People often ask: How can we experience our own genuine Pascha? That is, will we able to resurrect, and how? The Apostle Paul answers this question:
But if the Spirit of Him (that is, of God the Father) that raised up Jesus from the dead dwell in you, He that raised up Christ from the dead shall also quicken your mortal bodies by His Spirit that dwelleth in you (Rom. 8:11).
What is the meaning of Pascha? Many, even Christians, misunderstand. “He is Risen, and we will rise!” they say. Yes, this is understandable. “It would be better for many people not to resurrect at all,” wrote St. Gregory the Theologian. What a holiday it is for a sinner to resurrect! Christ is Risen, and he will resurrect and go to eternal torment. It’s not a holiday, it turns out, for the majority of mankind…
Although, to claim that Christ died for the sins of only those who will be in Paradise is a serious theological error. St. John Chrysostom writes: “He died not only for our sins, but for the sins of the entire world.” This raises a reasonable question: What then is the meaning in that He brought the fullness of salvation to those who will be eternally in hell? These people will have no reason to say on Judgment Day: “Jesus, you didn’t die for my sin! Jesus, you didn’t wash with me Your blood!” No one will be able to say this. When people find out at the Dread Judgment at the resurrection from the dead what God did for their personal salvation, it will be the greatest shock, and the torment of the castigation of love (which wasn’t received by many) will begin.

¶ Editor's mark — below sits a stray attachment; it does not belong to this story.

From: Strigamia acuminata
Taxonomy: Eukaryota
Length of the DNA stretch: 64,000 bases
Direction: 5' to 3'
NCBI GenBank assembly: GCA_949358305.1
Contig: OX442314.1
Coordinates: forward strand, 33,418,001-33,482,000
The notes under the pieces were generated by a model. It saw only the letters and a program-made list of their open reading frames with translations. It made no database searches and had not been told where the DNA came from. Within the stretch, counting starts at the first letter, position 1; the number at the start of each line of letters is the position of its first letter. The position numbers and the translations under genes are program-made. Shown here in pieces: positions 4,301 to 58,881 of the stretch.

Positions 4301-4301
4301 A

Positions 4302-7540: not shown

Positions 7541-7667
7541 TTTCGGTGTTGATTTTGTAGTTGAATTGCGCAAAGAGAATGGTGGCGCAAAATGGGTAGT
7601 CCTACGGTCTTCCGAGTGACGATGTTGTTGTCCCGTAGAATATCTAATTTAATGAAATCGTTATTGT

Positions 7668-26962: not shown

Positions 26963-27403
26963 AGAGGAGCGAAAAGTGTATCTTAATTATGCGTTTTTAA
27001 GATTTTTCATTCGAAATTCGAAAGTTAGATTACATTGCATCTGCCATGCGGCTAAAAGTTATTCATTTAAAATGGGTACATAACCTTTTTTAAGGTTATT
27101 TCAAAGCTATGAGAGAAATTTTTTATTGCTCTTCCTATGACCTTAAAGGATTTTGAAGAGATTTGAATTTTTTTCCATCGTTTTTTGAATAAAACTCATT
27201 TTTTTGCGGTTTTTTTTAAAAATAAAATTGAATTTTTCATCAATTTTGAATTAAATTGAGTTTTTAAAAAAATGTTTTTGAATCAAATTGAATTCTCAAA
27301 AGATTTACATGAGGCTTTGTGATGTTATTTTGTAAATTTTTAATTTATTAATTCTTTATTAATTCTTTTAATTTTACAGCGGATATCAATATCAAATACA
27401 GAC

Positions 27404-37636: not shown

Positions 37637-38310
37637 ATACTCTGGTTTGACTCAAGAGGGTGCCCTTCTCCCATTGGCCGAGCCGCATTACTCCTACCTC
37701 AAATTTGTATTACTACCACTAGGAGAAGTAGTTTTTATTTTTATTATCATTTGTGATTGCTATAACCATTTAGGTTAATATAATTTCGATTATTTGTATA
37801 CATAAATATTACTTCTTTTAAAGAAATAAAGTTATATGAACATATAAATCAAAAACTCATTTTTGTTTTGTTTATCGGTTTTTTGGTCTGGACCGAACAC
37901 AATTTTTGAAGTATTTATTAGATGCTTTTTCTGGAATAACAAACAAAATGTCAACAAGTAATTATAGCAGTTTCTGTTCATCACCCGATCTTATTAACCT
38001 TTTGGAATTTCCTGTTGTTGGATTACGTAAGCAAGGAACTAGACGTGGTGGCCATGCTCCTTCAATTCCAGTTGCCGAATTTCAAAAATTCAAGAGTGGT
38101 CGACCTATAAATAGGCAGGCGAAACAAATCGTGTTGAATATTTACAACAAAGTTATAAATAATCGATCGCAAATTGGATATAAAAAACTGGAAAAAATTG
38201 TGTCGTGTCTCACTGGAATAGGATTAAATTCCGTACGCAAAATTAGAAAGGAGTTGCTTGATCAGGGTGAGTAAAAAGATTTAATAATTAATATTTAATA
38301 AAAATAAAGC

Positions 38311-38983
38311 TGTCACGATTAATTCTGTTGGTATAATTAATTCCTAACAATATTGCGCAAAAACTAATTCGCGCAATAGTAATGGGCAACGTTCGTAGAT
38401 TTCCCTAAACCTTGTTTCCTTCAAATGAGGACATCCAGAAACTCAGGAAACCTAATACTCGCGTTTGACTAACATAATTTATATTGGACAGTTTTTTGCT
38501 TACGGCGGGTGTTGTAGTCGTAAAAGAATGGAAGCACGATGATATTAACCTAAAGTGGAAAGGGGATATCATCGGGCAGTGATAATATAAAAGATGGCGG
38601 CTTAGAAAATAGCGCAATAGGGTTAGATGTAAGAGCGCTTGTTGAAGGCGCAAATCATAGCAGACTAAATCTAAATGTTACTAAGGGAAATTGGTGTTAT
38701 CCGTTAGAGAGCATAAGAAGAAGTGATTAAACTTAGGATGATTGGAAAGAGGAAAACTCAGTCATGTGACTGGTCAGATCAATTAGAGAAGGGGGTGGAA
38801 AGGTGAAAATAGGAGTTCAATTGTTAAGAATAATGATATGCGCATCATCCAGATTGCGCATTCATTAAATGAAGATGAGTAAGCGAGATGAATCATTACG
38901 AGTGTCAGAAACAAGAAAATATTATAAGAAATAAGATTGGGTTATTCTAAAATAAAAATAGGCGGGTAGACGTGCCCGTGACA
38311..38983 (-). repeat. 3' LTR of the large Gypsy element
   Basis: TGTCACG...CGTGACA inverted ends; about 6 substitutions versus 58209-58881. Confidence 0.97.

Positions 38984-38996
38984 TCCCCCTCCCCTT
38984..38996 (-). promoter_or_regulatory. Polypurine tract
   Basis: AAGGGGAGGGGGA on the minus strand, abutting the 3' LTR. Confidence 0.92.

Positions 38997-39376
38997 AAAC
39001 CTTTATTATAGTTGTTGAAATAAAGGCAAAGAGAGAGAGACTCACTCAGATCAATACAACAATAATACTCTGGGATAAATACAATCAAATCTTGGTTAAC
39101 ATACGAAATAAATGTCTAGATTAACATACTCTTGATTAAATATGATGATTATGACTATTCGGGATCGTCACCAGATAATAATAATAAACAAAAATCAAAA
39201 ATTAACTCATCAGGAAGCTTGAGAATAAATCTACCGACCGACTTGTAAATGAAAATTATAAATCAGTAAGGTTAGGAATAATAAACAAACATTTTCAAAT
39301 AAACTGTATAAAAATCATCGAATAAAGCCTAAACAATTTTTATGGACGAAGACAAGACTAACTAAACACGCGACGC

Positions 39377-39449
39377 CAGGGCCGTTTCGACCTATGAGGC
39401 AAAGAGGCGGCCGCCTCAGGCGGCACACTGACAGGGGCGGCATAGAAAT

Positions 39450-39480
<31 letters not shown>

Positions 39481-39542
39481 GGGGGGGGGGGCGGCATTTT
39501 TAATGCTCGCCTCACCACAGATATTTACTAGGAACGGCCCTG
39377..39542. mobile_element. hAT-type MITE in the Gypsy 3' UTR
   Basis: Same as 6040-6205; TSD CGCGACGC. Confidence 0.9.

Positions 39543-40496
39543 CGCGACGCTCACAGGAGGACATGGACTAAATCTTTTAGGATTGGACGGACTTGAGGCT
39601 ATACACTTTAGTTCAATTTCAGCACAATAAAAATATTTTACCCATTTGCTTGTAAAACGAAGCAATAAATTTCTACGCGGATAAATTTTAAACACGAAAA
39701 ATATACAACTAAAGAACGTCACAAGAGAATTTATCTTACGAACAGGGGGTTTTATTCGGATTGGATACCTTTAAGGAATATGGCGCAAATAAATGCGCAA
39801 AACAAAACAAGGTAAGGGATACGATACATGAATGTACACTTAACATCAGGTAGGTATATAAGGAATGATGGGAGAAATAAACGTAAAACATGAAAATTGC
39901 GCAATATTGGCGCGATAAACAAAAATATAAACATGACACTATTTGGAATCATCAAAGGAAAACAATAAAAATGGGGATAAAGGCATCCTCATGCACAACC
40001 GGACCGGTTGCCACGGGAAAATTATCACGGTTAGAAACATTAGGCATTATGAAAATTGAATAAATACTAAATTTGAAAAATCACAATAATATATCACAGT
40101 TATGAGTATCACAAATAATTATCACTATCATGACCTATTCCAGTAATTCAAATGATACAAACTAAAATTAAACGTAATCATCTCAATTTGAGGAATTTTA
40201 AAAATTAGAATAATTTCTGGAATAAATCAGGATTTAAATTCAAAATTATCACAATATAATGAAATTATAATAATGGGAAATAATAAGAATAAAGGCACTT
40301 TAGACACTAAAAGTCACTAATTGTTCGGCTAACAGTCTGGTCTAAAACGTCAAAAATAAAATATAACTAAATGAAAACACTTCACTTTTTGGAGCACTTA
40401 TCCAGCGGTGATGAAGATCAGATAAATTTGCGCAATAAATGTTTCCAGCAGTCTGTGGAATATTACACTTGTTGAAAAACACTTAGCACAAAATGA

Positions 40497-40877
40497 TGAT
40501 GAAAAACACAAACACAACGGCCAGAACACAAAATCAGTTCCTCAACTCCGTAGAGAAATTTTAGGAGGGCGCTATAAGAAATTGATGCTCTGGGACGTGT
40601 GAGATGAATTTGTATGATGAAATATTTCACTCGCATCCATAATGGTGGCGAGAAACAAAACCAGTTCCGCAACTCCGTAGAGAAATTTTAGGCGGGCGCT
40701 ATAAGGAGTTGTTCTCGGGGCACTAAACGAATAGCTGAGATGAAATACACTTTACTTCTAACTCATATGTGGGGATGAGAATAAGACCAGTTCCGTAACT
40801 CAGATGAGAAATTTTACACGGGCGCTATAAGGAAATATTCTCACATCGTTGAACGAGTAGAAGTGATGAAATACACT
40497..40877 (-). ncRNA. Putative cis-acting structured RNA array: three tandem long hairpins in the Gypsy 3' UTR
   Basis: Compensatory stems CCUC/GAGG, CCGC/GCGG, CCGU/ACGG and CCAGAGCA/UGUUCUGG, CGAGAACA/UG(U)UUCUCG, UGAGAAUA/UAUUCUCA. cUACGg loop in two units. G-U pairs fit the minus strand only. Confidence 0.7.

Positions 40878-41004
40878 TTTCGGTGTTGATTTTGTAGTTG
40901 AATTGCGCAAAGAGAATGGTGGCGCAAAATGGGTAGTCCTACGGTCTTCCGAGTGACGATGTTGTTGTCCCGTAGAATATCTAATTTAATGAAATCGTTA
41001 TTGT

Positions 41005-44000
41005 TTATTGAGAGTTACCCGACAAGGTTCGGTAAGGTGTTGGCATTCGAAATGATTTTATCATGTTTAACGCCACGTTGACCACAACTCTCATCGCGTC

So what is the essence of the Christian feast of Pascha? There is no miracle of the Resurrection of Christ. Those who are surprised that He rose again simply forget that He is the God-Man. We exist in such a way that if you turn off our lights and water and take away our oxygen and everything else, we will cease to exist. But God is existence. He is self-sustained. The mystery is that He died. This is an unfathomable mystery. But that God arose again—that’s natural. It is said of Him that in Him we live, and move, and have our being (Acts 17:28). He is the source of existence for all of creation. If God stopped His dialogue with even a part of His creation for but a moment, it would immediately cease to exist.
When Christ lay in the tomb, His friends and His enemies waited: Will God the Father accept this Sacrifice? And when God the Father raised Him from the dead, Christ arose, meaning that the Sacrifice for the sins of all of mankind was accepted! This is why the Apostle Paul writes: If Christ be not raised, your faith is vain; ye are yet in your sins (1 Cor. 15:17). This is why the Apostle Paul writes about Christ that He was delivered for our offences, and was raised again for our justification (Rom. 4:25).
The devil inspires you with the thought: “You’re a sinner! No one will ever forgive you your sins!” You have to say: “Yes, I have sinned, but Christ died for my sins. Christ also rose again for my justification!” This is the meaning of the Christian Passover! It’s the miracle of God’s forgiveness!
Therefore, faith in the Resurrection of Christ is faith in the forgiveness of sins, to which God the Father testified when He raised the Son, and which the Son revealed when He arose by the power of the hypostatic deity in the Holy Spirit.
We read from the Apostle Paul: